Since Trump would have the power to shut down the investigation, the trick was to avoid making him feel threatened by it. Therefore, the strategy was to withhold information that illustrated Trump’s centrality to the investigation, assure him that he was not a suspect, and gently admonish him about the need to respect law enforcement’s independence (on pain of being accused of obstruction).
From the FBI’s perspective, there was no downside to telling Trump he was not a suspect. As Comey acknowledged in his hearing testimony, responding to questions from Senator Angus King (I., Maine), any assurances that Trump was not under investigation were only “as of that moment.” Trump’s status could change instantaneously if the investigation of other people, such as Page, turned up any evidence implicating Trump.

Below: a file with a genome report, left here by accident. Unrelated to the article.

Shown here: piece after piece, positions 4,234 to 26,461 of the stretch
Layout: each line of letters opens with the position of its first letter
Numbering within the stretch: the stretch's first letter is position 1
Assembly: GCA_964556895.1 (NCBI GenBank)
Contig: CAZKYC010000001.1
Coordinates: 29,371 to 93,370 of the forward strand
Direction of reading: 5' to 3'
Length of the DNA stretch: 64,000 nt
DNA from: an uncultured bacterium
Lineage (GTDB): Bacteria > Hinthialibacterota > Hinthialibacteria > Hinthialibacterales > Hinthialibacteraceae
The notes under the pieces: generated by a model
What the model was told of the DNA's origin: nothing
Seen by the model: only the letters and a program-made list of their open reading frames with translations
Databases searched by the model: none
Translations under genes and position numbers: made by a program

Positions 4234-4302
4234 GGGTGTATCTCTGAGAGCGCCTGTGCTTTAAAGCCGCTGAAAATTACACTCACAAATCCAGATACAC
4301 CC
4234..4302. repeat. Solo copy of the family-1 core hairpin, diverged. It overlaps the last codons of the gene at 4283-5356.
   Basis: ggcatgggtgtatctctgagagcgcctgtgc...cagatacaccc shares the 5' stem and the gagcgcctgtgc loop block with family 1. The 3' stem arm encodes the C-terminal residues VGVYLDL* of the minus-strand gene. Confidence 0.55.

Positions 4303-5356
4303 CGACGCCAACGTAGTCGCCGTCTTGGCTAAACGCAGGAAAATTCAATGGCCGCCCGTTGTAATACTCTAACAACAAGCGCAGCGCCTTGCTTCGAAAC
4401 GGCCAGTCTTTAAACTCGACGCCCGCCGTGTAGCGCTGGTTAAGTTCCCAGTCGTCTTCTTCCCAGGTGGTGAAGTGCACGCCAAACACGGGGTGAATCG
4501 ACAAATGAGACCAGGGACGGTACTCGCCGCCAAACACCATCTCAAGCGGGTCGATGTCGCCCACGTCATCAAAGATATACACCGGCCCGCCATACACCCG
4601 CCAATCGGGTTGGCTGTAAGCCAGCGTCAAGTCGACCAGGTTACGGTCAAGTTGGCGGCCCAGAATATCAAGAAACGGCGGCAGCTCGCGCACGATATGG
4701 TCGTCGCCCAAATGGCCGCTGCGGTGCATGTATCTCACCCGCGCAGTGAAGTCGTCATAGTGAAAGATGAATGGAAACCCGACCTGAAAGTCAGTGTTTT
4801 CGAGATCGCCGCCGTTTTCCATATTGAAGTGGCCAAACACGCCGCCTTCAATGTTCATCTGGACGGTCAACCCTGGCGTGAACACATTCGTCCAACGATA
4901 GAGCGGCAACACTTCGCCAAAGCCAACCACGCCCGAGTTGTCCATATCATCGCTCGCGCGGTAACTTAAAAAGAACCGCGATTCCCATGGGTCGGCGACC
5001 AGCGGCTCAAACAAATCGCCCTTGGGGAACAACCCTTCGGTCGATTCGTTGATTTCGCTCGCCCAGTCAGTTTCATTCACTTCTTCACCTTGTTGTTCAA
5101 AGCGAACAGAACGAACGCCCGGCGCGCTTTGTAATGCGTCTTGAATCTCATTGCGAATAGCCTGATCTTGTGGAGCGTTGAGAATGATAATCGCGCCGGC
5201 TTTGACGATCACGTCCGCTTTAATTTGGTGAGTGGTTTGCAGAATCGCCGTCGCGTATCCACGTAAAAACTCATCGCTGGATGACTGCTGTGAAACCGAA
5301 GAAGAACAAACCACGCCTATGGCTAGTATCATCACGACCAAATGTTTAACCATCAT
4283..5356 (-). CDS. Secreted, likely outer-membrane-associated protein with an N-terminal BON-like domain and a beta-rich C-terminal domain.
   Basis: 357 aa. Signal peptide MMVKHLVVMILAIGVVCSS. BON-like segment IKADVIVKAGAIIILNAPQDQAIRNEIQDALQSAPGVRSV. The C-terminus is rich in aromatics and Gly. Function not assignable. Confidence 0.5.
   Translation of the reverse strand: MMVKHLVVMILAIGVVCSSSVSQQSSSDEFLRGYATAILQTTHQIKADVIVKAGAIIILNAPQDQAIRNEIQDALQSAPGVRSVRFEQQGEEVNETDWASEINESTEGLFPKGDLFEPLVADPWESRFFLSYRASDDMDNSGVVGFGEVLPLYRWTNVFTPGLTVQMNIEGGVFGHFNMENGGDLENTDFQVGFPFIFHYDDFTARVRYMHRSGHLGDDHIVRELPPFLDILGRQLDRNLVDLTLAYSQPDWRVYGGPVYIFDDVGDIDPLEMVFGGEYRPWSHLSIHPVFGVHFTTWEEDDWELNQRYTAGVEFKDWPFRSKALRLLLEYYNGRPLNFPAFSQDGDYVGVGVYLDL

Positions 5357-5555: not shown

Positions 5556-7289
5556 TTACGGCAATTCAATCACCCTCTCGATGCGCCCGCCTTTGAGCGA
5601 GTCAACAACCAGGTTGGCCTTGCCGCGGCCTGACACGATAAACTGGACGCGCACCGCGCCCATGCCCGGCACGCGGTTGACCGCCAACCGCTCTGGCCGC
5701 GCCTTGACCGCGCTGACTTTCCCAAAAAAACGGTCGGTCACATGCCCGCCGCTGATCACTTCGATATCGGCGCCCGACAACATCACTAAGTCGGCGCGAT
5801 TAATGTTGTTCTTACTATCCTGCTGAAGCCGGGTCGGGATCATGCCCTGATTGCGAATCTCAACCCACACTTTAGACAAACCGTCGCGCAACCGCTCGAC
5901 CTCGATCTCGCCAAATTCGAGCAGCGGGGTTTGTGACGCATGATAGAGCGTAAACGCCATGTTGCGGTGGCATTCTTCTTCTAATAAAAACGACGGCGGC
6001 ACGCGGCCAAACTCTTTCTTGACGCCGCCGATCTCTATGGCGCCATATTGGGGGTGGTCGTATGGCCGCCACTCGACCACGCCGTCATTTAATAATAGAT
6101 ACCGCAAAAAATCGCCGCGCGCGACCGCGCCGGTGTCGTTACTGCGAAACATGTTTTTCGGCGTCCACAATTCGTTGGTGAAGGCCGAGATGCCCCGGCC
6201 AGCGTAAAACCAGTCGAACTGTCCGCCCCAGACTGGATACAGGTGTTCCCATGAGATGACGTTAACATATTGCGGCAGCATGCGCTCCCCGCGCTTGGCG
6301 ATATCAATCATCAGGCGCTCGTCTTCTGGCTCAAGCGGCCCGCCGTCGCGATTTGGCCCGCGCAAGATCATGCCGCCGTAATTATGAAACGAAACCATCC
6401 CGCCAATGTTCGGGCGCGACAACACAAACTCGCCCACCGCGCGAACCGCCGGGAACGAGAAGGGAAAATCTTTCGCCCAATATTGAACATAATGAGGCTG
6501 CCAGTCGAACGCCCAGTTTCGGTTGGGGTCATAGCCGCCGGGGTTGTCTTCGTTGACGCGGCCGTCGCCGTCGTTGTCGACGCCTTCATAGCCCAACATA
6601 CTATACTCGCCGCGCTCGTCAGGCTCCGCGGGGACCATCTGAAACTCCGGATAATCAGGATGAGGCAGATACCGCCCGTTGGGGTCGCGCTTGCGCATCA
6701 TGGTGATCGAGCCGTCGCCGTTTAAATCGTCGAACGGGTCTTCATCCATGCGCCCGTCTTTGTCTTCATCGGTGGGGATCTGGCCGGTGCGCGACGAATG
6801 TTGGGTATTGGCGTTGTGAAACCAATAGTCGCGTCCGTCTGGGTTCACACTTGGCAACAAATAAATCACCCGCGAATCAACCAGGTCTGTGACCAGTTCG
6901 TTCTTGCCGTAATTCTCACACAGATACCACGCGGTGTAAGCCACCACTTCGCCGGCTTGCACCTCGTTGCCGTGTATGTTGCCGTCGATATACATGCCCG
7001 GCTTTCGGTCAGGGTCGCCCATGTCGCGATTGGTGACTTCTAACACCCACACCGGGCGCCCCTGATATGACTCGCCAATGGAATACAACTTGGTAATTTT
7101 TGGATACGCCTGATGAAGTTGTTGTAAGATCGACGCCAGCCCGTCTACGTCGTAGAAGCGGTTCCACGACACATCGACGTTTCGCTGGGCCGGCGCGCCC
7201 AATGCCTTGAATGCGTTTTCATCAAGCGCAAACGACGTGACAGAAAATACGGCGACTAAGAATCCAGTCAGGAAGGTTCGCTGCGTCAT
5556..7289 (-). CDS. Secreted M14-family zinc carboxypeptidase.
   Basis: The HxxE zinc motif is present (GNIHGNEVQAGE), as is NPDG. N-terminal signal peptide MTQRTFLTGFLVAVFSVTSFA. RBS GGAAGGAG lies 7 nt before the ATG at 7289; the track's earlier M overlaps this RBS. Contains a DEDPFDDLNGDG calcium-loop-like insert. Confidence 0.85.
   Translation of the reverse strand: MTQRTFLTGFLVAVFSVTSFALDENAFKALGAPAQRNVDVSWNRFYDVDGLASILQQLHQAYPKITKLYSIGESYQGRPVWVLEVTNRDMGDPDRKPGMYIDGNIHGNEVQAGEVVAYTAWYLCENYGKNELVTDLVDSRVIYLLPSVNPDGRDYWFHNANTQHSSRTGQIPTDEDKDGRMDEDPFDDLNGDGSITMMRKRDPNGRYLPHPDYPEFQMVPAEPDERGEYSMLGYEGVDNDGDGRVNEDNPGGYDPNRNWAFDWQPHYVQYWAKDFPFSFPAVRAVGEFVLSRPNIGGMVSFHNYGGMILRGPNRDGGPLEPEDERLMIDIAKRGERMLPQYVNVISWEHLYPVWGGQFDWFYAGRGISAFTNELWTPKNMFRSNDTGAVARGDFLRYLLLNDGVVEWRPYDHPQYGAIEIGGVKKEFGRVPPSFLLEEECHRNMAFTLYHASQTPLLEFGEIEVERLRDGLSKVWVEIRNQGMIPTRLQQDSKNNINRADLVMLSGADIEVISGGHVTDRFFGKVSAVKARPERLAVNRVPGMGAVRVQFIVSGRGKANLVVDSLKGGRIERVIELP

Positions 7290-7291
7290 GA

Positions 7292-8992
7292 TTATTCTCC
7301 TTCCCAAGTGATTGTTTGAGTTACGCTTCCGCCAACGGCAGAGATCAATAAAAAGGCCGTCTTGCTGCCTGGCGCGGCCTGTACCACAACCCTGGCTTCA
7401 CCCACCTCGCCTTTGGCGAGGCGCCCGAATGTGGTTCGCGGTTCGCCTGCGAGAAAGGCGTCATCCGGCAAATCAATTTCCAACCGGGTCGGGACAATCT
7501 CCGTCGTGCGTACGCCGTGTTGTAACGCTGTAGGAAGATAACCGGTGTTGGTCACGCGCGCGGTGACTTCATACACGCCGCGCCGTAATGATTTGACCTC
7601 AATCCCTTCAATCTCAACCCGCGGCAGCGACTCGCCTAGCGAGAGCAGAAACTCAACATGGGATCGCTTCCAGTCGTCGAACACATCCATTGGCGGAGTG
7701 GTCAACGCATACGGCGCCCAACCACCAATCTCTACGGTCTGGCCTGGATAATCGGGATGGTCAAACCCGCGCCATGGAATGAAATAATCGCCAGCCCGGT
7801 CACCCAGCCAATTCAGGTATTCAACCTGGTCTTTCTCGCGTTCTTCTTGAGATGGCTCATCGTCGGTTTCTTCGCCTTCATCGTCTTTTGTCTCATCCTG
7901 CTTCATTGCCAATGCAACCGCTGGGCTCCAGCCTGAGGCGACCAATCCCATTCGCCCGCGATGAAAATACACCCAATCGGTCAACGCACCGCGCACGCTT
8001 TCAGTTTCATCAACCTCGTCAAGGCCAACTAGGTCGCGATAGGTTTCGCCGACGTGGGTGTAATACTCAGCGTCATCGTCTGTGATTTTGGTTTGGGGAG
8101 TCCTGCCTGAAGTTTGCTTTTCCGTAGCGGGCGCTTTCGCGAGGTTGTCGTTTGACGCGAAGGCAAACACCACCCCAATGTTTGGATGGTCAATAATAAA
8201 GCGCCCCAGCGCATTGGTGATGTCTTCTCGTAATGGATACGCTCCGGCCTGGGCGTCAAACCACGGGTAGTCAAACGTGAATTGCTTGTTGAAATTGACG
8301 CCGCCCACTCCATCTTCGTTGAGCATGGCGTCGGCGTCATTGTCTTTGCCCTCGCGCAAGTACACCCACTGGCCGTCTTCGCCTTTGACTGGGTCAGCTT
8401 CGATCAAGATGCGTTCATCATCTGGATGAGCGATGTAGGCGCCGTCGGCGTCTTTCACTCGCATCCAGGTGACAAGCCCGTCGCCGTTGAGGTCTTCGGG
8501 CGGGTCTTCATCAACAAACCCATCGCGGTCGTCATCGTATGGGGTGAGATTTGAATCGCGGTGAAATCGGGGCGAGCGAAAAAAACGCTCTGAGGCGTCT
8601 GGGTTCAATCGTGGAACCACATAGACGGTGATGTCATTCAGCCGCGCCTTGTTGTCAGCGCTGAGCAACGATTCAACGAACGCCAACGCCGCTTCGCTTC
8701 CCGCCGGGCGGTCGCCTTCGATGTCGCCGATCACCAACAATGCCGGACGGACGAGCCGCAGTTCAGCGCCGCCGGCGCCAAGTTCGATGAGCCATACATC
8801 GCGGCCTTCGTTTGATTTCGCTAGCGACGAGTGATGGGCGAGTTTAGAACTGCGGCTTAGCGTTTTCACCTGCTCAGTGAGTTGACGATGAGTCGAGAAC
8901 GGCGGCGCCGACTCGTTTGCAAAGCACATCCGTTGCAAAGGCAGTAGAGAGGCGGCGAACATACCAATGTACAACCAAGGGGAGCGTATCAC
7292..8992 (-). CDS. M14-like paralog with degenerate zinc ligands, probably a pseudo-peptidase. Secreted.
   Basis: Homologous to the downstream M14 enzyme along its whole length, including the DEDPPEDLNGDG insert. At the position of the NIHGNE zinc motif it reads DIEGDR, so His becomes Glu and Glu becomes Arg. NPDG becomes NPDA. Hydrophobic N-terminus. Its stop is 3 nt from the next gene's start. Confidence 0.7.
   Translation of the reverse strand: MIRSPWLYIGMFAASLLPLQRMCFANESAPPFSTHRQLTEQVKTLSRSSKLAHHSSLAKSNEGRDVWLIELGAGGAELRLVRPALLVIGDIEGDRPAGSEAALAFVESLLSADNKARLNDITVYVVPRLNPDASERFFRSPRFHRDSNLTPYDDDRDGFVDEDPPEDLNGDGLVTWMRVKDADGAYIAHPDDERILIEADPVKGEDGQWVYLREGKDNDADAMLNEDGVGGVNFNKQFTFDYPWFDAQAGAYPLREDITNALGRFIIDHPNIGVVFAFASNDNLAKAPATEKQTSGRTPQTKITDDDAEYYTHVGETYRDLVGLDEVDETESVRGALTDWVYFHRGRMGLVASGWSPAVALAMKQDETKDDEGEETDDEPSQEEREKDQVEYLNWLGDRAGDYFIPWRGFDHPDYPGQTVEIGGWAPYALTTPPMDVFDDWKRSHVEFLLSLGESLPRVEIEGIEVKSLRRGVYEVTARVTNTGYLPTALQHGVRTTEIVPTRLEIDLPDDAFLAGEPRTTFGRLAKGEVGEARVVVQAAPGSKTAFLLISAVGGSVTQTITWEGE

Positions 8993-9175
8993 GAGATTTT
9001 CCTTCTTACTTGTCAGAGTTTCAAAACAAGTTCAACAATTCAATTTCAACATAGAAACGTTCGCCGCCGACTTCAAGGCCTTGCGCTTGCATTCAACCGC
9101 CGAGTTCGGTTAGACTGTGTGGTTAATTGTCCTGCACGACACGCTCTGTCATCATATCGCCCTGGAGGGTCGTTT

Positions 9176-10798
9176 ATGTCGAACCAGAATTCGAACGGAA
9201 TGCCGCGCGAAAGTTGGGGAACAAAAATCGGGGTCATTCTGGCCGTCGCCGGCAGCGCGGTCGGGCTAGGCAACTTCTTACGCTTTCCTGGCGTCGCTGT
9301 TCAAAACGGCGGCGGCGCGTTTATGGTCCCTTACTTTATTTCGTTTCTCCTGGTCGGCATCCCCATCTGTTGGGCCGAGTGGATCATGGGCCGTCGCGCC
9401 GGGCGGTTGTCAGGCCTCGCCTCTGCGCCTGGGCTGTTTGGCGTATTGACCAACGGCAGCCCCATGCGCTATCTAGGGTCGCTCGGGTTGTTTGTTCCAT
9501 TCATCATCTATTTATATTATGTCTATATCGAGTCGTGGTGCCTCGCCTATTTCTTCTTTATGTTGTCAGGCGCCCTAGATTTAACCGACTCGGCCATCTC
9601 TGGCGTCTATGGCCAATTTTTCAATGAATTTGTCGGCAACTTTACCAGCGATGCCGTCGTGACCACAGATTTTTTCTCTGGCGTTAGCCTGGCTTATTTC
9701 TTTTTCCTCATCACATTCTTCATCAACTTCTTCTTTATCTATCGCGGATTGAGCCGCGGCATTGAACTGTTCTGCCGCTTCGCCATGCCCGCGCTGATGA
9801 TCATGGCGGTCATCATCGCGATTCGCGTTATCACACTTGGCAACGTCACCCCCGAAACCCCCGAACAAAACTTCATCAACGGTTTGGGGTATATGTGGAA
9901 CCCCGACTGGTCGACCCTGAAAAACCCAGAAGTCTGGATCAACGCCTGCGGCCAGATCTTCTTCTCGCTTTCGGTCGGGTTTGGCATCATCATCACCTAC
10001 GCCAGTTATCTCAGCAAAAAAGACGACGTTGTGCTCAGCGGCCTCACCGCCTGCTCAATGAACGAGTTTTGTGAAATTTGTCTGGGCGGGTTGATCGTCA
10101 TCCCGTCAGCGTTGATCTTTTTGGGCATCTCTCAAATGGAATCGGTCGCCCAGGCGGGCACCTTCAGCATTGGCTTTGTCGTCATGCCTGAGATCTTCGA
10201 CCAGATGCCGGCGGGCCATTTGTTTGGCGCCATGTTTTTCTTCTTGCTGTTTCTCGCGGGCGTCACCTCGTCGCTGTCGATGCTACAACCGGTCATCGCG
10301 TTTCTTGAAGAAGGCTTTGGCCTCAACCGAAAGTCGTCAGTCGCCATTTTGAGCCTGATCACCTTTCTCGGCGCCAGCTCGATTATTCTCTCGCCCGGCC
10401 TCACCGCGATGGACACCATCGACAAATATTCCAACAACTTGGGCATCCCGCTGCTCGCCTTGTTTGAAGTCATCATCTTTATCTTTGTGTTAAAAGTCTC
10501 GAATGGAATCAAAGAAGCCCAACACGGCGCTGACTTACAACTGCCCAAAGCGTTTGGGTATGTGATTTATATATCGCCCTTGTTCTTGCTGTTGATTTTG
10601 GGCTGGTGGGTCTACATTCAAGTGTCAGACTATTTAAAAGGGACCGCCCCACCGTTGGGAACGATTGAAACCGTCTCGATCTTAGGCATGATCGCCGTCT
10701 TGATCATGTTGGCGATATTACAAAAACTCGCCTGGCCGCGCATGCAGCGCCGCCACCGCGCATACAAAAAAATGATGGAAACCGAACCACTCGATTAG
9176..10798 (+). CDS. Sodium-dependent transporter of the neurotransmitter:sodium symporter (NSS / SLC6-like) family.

That is why Comey kept deflecting Trump’s entreaties that Comey tell the public Trump was not suspected of wrongdoing. In reality, Comey did suspect the president of wrongdoing and calculated that, at some point, the FBI would find the proof. The director therefore declined to absolve the president publicly, which eventually cost him his job. But Comey only gave the private assurances that the president was not “personally under investigation” in order to discourage Trump from interfering in the probe. The real objective of investigating Page and Manafort was to uncover corrupt ties — if there were any — between Russia and Trump. Thus, Trump was always under investigation even if he was not personally targeted for FISA surveillance.